Technology & Telecommunications

Hundreds of private sector intelligence analysts are being paid to review surveillance footage from U.S. military drones in Central Asia and the Middle East, according to a new report from the Bureau of Investigative Journalism.
When it comes to attracting celebrity wealth seeking shelter from taxes, the Cayman Islands and other classic Caribbean tax havens are receding in favor, according to tax experts here and overseas. But for earnings derived from intellectual property such as royalties, the Netherlands has become a tax shelter of choice.
Mass surveillance by the U.S. National Security Agency involves close partnerships with high-tech companies in order to gather data on everyday people. The agency has cut deals to install secret backdoors into computers; exploit flaws in popular software; and surreptitiously analyze personal data from smartphone games.
The undersigned civil society organisations strongly disagree with the main messages contained in the UNDP Human Development Report 2001. The report taken in its entirety forms an unabashed pat on the back for the hi-tech bandwagon on which a minority of powerful elites are galloping to even greater riches, even more power.
The paparazzi hide in bushes and use telephoto lenses to snap pictures of celebrities. The "cyberazzi" parachute into web browsers and sneak up behind mobile phones to spy on ordinary people. Nine such data mining companies must report what personal information they gather for sale by next week.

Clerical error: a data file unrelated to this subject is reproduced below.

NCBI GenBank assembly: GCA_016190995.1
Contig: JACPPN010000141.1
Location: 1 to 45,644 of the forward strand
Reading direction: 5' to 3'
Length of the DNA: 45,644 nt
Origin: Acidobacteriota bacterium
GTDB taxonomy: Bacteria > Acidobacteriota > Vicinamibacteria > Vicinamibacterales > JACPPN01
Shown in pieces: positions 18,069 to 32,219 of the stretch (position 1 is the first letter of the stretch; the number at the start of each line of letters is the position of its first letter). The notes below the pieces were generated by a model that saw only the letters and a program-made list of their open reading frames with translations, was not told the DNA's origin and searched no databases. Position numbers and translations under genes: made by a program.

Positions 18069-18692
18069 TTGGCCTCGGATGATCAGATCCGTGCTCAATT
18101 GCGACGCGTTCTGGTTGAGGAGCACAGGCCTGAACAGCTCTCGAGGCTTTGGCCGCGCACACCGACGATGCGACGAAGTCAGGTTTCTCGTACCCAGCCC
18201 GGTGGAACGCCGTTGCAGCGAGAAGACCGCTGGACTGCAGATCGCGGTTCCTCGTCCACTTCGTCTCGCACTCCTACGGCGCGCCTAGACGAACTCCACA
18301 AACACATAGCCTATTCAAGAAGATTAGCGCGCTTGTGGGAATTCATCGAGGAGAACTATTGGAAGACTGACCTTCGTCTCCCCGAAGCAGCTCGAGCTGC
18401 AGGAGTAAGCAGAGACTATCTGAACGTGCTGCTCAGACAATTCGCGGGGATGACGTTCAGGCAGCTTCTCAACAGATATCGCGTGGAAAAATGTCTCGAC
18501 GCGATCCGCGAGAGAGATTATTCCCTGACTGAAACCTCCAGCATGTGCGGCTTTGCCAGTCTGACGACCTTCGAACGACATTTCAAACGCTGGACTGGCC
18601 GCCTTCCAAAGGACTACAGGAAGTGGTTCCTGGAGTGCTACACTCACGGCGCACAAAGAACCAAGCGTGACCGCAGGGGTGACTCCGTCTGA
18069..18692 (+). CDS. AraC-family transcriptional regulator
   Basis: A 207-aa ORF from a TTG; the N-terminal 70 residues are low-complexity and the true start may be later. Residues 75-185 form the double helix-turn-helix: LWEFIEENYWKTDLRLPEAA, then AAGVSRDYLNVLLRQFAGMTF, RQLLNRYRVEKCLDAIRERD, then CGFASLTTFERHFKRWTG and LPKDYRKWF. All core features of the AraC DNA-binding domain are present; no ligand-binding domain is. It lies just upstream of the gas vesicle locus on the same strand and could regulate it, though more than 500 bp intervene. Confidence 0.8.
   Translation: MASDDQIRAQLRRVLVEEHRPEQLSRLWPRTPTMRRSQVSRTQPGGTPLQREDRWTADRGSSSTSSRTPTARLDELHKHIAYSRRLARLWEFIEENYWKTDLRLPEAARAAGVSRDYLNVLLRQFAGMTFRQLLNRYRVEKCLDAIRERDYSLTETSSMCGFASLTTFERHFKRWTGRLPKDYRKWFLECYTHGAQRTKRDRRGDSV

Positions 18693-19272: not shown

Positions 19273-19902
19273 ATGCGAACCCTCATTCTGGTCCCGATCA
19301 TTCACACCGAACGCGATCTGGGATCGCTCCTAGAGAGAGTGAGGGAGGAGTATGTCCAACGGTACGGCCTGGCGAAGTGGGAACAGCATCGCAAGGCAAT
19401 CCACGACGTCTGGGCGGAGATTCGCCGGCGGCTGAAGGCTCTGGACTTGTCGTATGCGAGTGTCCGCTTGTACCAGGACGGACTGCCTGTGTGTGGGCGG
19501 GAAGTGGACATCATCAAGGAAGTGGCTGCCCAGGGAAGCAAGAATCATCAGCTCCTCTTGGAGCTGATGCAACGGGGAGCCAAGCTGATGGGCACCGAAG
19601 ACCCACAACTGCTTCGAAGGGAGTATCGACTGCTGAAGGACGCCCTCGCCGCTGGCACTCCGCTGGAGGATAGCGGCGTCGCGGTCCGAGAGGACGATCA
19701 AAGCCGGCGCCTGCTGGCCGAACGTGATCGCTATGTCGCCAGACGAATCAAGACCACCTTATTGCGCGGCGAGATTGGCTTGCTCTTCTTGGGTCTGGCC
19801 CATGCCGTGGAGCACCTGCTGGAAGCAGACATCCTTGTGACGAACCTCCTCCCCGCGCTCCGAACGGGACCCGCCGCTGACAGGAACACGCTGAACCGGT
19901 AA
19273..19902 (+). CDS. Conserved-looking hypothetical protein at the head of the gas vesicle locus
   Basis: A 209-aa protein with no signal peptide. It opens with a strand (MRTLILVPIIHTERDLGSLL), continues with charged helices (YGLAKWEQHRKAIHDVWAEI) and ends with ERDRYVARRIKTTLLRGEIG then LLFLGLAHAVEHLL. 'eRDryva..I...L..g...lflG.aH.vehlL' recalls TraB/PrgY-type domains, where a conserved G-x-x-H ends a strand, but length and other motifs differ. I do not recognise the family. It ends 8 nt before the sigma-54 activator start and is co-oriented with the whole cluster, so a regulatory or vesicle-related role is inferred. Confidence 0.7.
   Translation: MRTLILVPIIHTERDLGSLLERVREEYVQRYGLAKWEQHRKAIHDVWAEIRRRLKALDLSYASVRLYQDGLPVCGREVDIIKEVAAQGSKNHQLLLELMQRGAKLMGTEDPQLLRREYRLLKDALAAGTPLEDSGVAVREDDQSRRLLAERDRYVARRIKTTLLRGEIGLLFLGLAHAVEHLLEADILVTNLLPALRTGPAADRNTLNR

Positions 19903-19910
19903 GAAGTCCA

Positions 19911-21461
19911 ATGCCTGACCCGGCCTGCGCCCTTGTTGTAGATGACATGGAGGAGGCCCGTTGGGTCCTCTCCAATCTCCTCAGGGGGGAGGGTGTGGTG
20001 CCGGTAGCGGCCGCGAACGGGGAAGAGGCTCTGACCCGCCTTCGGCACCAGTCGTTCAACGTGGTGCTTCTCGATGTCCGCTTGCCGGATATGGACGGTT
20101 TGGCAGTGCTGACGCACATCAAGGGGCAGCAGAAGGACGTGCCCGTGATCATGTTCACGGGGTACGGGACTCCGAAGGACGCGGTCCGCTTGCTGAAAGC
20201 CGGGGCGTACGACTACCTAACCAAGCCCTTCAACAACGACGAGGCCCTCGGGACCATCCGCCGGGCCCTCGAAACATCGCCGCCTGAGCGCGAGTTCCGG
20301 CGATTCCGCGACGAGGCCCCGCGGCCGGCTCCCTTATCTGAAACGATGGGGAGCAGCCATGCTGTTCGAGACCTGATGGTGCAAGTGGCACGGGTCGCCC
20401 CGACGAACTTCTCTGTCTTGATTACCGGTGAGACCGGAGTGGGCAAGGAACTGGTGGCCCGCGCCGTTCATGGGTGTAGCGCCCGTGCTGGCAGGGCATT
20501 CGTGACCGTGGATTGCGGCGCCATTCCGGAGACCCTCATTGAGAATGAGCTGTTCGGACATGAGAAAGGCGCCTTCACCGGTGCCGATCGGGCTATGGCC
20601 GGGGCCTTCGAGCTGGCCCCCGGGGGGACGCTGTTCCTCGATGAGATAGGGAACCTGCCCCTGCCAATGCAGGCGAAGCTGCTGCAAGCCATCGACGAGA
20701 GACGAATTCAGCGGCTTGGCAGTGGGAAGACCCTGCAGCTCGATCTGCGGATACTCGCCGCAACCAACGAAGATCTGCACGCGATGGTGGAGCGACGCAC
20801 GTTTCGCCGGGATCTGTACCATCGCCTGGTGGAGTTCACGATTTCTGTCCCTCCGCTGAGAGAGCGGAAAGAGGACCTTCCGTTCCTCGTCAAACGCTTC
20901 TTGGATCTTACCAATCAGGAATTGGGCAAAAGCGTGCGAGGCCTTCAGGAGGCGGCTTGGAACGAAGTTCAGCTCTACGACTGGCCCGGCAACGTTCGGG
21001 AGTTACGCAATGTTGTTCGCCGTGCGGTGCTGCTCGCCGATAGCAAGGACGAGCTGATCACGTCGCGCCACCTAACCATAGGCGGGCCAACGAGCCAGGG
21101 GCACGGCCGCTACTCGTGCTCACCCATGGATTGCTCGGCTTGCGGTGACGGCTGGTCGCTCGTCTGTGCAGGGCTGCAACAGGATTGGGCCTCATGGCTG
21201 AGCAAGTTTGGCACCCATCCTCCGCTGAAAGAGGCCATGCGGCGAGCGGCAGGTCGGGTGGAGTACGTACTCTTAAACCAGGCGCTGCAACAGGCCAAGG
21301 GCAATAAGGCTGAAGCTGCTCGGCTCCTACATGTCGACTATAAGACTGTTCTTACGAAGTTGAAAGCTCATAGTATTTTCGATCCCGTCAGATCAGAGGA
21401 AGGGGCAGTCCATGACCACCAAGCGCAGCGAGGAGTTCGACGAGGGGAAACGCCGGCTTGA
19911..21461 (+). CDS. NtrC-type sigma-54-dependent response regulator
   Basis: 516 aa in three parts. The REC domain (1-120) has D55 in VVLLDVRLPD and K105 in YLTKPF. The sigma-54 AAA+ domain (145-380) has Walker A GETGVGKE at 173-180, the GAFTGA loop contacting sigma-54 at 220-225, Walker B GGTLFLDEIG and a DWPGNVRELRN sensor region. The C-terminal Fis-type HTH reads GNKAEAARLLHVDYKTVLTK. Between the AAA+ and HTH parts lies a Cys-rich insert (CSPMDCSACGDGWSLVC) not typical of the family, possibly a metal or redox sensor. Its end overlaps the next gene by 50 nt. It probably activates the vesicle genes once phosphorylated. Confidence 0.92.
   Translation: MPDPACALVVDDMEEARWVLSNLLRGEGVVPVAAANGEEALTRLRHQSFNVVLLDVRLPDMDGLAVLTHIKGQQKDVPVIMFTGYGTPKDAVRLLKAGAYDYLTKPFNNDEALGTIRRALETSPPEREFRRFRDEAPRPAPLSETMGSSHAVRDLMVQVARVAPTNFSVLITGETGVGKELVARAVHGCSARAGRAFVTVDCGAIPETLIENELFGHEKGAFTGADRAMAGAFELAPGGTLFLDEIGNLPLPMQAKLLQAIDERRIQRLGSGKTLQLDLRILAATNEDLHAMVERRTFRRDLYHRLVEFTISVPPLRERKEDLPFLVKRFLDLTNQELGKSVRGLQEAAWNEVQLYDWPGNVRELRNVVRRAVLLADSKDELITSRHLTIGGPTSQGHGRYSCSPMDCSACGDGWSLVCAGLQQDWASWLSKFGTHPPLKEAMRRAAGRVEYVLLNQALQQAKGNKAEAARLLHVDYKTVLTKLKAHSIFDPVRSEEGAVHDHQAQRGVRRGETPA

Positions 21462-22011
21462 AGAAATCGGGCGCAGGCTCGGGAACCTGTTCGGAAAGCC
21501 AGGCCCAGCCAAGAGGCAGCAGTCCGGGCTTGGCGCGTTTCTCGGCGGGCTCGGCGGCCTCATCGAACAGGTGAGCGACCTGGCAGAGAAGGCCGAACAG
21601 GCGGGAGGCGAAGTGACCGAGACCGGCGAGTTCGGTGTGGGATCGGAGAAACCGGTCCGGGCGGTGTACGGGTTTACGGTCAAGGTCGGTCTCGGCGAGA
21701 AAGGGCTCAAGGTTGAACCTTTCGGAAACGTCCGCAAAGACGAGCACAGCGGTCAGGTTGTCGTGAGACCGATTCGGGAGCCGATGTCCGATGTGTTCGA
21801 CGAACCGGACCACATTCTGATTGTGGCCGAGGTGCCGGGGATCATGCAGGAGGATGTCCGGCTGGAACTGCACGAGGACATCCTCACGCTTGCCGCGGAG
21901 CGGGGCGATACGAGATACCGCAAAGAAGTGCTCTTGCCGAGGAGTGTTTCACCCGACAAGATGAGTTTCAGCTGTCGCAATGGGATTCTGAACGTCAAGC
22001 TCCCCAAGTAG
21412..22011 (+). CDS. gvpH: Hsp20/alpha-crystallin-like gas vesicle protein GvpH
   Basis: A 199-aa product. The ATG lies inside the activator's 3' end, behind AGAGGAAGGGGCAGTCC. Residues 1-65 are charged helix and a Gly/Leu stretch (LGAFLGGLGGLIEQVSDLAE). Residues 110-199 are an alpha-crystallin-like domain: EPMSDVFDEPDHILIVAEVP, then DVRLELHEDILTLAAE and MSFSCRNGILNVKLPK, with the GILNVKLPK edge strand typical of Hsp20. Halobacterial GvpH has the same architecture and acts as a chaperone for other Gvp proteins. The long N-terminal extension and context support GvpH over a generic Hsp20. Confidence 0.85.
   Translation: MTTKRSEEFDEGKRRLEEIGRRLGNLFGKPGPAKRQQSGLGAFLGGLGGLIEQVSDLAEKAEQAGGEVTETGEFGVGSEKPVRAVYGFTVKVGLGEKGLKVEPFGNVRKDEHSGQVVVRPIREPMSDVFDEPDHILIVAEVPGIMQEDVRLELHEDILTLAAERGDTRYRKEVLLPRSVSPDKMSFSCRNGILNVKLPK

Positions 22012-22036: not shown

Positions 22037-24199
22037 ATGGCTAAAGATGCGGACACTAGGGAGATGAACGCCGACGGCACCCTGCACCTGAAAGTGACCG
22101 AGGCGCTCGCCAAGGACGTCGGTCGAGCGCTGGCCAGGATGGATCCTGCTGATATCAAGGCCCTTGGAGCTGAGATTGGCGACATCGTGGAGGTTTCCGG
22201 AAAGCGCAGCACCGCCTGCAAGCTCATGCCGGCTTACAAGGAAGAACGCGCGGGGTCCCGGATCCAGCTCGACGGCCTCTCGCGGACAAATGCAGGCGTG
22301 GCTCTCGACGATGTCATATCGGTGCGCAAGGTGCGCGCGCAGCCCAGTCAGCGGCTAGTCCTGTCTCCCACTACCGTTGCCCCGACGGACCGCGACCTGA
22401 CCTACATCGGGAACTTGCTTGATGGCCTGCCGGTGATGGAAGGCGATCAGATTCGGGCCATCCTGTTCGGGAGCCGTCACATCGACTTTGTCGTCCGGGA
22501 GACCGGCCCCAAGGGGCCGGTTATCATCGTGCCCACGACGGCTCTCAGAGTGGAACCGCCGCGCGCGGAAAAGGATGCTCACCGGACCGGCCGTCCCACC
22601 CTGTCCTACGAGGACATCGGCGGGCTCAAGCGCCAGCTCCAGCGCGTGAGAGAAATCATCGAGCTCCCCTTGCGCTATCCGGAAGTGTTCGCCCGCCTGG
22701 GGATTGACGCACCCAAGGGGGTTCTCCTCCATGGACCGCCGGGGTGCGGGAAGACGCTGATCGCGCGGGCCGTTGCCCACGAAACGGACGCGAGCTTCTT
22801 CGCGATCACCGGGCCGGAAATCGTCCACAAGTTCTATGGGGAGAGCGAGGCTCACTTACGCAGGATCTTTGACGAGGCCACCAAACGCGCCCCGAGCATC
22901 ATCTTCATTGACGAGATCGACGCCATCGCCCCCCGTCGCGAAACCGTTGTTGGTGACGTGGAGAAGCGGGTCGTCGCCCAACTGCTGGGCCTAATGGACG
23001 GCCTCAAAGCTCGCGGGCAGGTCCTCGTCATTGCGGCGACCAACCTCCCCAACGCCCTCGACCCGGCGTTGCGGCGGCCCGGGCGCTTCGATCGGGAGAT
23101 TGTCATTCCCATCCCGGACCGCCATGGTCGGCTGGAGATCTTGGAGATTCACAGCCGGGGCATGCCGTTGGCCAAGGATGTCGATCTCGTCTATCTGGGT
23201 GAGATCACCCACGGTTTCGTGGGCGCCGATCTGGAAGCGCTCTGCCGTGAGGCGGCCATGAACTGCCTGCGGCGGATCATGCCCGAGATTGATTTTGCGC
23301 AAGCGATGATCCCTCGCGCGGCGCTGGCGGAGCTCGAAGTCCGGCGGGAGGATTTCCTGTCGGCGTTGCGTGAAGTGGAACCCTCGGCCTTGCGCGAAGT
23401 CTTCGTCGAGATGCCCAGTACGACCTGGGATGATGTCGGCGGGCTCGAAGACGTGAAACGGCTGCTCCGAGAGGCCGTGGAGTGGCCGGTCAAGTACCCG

WASHINGTON -- The House passed sweeping legislation Wednesday to let four Bell telephone giants sell Internet access nationwide and to relieve them of state and federal regulation.
Facebook, the social network behemoth that is about to become a multi-billion dollar company, has been lobbying for a proposed new U.S. law called the Cyber Intelligence Sharing and Protection Act (CISPA) that would allow companies to share information with government agencies.
Ryoichi Terada, Professor of the Environment, Tsuru University, Tokyo confronts the high tech industry's ground water contamination in Japan.
President Bush had good reason to take an interest in Enron's demise. Aside from his close personal ties to the Houston energy giant, nearly three dozen of his senior appointees owned Enron shares upon arriving at the White House last year.